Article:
Liturgy Pacific is the on-line presence of Richard Geoffrey Leggett, Vicar of Holy Trinity Cathedral in New Westminster and Professor Emeritus of Liturgical Studies at Vancouver School of Theology. Here you will find sermons, comments on current Anglican and Lutheran affairs and reflections on the need for progressive orthodox Christians to re-claim our place on the theological stage.
Last night I had the privilege of giving the traditional 'Text to the Graduates' at our Convocation. The text of that word follows here.
A Text to Graduates
12 May 2008
A word from the third chapter of Daniel, beginning at the thirteenth verse.
13 Then Nebuchadnezzar in furious rage commanded that Shadrach, Meshach, and Abednego be brought in; so they brought those men before the king.14 Nebuchadnezzar said to them, “Is it true, O Shadrach, Meshach, and Abednego, that you do not serve my gods and you do not worship the golden statue that I have set up?15 Now if you are ready when you hear the sound of the horn, pipe, lyre, trigon, harp, drum, and entire musical ensemble to fall down and worship the statue that I have made, well and good.But if you do not worship, you shall immediately be thrown into a furnace of blazing fire, and who is the god that will deliver you out of my hands?”
16 Shadrach, Meshach, and Abednego answered the king, “O Nebuchadnezzar, we have no need to present a defense to you in this matter.17 If our God whom we serve is able to deliver us from the furnace of blazing fire and out of your hand, O king, let him deliver us.18 But if not, be it known to you, O king, that we will not serve your gods and we will not worship the golden statue that you have set up.”
Some of you who are graduating tonight know that this passage is one of the more important scriptural texts in my understanding of who God is and how we are called to live out our relationship to this mysterious God who refuses to be confined by human expectations.I lay it before you tonight as you embark on the ministries to which you have been called.I have no doubt that you will face the choice of worshipping an idol, in whatever shape it takes, or facing a furnace of blazing fire with no guarantee of a happy issue out of all your affliction.
We live in a time when some Christians, on the left and on the right, have made an idol of the Scriptures, demanding capitulation to simplistic interpretations of what the Scriptures say about the challenge of engaging a living God in the midst of a living community.‘Submit,’ they say, ‘and all will be well.’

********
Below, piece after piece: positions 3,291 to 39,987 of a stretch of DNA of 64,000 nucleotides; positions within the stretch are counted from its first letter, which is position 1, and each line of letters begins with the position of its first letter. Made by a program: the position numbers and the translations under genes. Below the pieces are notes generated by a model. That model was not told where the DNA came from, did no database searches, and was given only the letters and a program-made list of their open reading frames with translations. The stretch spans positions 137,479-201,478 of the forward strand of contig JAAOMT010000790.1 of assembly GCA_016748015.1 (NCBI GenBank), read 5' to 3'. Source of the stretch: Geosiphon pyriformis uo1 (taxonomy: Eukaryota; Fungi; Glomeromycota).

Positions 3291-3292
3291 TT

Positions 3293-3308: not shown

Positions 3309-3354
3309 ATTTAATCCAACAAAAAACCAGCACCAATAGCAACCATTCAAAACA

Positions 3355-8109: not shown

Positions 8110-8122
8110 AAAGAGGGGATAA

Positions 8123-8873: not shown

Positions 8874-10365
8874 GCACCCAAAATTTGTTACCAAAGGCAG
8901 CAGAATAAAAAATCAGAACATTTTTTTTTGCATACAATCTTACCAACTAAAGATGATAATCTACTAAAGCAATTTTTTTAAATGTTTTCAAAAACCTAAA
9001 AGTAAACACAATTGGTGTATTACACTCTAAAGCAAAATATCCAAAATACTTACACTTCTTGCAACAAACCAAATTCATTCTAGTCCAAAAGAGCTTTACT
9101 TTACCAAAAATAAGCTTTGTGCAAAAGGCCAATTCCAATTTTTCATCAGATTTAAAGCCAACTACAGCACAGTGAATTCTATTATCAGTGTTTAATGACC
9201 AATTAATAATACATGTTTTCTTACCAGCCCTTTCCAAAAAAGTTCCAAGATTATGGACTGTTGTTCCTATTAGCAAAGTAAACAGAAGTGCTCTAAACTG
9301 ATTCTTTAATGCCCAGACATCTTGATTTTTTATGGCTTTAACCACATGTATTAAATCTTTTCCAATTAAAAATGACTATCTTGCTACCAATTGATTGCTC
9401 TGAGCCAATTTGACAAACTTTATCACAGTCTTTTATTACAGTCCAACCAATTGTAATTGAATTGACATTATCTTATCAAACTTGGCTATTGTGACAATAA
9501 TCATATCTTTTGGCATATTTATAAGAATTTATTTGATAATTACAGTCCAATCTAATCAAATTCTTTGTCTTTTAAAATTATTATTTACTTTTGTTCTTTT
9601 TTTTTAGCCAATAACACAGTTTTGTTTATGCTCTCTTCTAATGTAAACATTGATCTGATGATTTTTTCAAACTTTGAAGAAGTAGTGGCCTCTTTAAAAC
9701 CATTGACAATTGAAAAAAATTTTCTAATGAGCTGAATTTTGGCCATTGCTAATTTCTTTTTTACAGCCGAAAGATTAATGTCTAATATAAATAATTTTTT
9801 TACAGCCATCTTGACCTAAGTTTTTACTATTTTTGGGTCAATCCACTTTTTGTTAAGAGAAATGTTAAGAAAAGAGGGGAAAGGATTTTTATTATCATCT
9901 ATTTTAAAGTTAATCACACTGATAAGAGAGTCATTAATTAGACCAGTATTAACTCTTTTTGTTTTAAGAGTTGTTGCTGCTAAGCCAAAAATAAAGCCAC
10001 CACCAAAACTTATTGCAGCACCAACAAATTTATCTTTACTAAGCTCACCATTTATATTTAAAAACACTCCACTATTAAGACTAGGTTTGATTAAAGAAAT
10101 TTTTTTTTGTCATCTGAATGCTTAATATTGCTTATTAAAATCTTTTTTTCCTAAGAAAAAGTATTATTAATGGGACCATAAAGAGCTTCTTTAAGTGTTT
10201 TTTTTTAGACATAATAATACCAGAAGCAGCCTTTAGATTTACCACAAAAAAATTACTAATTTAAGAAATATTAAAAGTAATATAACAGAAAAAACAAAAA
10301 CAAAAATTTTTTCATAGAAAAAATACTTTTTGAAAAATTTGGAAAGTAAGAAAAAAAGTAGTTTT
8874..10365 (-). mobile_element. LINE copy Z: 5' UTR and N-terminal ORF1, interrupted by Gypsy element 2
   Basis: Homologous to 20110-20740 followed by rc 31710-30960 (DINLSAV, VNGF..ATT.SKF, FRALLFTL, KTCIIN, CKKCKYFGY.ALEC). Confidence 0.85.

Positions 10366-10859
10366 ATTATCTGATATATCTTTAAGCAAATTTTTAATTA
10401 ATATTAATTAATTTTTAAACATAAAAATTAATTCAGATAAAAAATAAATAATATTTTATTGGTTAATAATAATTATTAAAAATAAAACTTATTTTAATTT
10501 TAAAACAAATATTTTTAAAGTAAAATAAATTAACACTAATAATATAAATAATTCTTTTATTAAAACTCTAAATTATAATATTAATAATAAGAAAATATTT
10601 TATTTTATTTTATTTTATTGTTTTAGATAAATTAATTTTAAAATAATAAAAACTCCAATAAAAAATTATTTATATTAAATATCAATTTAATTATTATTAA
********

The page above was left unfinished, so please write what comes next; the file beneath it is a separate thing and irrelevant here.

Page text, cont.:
We live in a time when some Christians have made an idol of reason, demanding capitulation to a faith in the living God eviscerated of its strangeness, of its vision of a reality that is more than our senses, of a God who is not always reasonable.‘Submit,’ they say, ‘and all will be well.’
We live in a time when some Christians have made an idol of tradition, demanding capitulation to a faith in a living God stagnated in a given time and place, whether that era is the fourth century, the sixteenth or even the twentieth.‘Submit,’ they say, ‘and all will be well.’
No idol, no matter how privileged by time and practice, can take the place of the living God, a God who is neither tame nor predictable, a God who permits generals to deny food and relief supplies to millions of people, a God whose silence often deafens us with its depth.
So face the furnace of blazing fire, not looking for rescue but courage, not looking for approval but fidelity.Do not dose your community with some snake oil derived from alluring and simplistic understandings of the Scriptures or reason or tradition.Rather than this, give them the living God, witnessed to but never imprisoned by the Scriptures, intuited but never comprehended by reason and celebrated by but never enshrined in our traditions.Give them the living God who may bring us to life only after we have passed through a furnace of blazing fire.But for God’s sake, give them this living God not a comfortable or secure counterfeit.